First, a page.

These Pyrrhonian skeptics, despite their brilliance, did not get too far when it came to attaining positive knowledge about the world around us. This is because their skepticism was predominantly focused on tearing down or undermining knowledge. Not constructing it. Scientific skepticism differs from this philosophical skepticism because it is not satisfied with merely questioning beliefs. It also wants to find out the how the world actually works and which methods are best for exploring it. To succeed at this task, the skeptics of our age have embraced, as Michael Shermer put it, "the most powerful tool ever devised for understanding how the world works." This tool is science. 

What impresses skeptics about science is its long track record of successful prediction and potent application in fields like computing, medicine, and engineering. In the short time since the Scientific Revolution, science has explained the origin of species and shown us that our Milky Way galaxy is one among billions and billions. Most notably, it has eradicated diseases like Polio, made instantaneous communication around the world possible, and put men on the moon. The skeptic is equally as impressed by science's methodology. Unlike traditional ways of looking at the world, science is built on probability rather than certainty. This means that all knowledge in science is fallible and can be revised if new information becomes available. This track record and its openness to new ideas is why skeptics are confident that science is the way to go.

Science has many valuable lessons to teach us. It stresses the importance of admitting when we do not know something, it uses Ockham's Razor to shave off auxiliary assumptions, it requires that we know how to tell the difference between legitimate and illegitimate resources, and makes us demand extraordinary evidence for extraordinary claims. When we put these virtues, along with knowledge of cognitive biases, logical fallacies, and the history and philosophy of science, into a toolkit, we get a non-domain specific form of reasoning called "scientific skepticism." This toolkit helps us inspect a vast array of weird things like the laws of thermodynamics, haunted houses, homeopathy, and the idea that humans are distantly related to corn. It places them on a truth continuum which ranges from almost certainly false to almost certainly true.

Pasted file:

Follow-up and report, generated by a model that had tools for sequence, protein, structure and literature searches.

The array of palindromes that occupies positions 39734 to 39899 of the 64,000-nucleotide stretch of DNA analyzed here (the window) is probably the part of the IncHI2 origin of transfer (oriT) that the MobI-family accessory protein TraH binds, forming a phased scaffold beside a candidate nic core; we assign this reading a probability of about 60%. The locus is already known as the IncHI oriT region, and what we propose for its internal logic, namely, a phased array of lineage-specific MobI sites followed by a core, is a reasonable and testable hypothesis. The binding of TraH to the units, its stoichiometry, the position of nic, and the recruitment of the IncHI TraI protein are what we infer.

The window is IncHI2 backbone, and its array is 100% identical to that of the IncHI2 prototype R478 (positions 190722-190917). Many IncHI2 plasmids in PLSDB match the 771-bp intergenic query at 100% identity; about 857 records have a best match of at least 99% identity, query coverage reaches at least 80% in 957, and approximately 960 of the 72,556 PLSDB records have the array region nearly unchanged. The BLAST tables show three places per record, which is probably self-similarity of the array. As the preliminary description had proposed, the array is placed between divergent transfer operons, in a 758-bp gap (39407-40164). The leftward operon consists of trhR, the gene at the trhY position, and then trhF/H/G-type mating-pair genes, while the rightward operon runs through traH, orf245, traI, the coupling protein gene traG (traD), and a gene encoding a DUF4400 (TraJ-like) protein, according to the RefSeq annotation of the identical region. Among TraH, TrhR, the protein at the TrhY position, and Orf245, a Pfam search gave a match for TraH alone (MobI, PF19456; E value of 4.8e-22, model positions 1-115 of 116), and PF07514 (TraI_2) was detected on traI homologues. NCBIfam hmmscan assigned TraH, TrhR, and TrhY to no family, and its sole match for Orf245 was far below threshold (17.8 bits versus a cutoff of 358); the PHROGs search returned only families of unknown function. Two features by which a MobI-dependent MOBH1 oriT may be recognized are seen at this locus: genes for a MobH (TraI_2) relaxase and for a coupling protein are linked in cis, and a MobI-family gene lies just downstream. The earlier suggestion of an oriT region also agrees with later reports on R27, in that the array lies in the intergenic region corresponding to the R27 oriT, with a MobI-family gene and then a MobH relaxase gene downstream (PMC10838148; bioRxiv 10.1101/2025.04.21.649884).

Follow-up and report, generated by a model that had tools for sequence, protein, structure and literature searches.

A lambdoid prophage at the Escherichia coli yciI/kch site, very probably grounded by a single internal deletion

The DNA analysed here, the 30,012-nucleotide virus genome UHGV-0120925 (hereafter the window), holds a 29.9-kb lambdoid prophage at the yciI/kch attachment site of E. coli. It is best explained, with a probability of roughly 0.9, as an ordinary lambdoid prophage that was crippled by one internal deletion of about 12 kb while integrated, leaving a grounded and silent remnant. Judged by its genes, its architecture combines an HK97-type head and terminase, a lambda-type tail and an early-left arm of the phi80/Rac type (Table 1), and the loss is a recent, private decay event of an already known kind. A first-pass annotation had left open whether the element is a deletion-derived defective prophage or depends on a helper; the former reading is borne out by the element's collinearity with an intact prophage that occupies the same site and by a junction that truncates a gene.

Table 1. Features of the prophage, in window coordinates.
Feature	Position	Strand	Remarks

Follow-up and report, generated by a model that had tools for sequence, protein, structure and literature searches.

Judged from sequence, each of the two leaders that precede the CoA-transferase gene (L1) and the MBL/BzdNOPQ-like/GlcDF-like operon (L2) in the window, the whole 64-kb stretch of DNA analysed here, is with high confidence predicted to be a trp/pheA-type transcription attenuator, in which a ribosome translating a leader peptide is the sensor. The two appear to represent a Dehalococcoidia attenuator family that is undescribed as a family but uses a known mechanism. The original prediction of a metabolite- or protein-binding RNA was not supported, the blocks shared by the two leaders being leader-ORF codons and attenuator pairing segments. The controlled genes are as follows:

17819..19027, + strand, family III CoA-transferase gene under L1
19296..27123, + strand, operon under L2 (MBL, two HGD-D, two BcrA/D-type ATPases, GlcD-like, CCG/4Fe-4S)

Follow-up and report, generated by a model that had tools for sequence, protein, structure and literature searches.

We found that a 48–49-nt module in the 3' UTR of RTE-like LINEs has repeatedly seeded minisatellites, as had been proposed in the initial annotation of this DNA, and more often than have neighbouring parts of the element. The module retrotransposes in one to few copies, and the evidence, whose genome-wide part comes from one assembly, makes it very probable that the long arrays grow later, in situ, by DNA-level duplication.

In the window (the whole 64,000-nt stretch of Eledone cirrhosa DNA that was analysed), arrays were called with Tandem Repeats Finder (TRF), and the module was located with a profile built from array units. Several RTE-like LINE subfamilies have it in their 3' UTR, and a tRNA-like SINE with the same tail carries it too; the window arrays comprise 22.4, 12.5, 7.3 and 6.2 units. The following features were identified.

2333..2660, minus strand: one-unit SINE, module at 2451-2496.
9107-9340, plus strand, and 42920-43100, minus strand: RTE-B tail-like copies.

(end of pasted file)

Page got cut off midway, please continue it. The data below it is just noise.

It is true that all of this knowledge is not certain and may be revised, but it would be mistaken to think that this allows us to not take any of these ideas seriously or that we can believe whatever we want. There is so much evidence and corroboration for the ideas on the "almost certainly true" part of the spectrum (evolution and thermodynamics) that it would be perverse not to accept them. Likewise, the evidence points very strongly against ideas on the "almost certainly false" part of the spectrum (haunted houses and homeopathy). Our tendency to place all sacred cows on this continuum according to their supporting evidence has led to my fellow skeptics and I to be called "rude," "cynical," or even"close-minded."

While it may not be polite, we skeptics value the truth above all else. As Carl Sagan once said, "it is far better to grasp the universe as it really is than to persist in delusion, however satisfying and reassuring." If we do not, as Carl Sagan asks us, seek the truth, then we are susceptible to being taken advantage of by others. Every year, thousands of dollars are thrown away calling psychics and reading horoscopes. Think of all of the people this money could have fed or how many people it could have put through college. In some cases, people die from using faith-healing (no, I am not kidding). If only these people would have been more skeptical, their lives could have been saved.

If this view of the world sounds interesting to you, then I highly recommend reading Carl Sagan's essay The Burden of Skepticism. This essay beautifully written and is full of lots of great information. You can also check out Brian Dunning's Here Be Dragons. This 40'ish minute video fleshes out a lot of the points made in this article (it is also classroom friendly).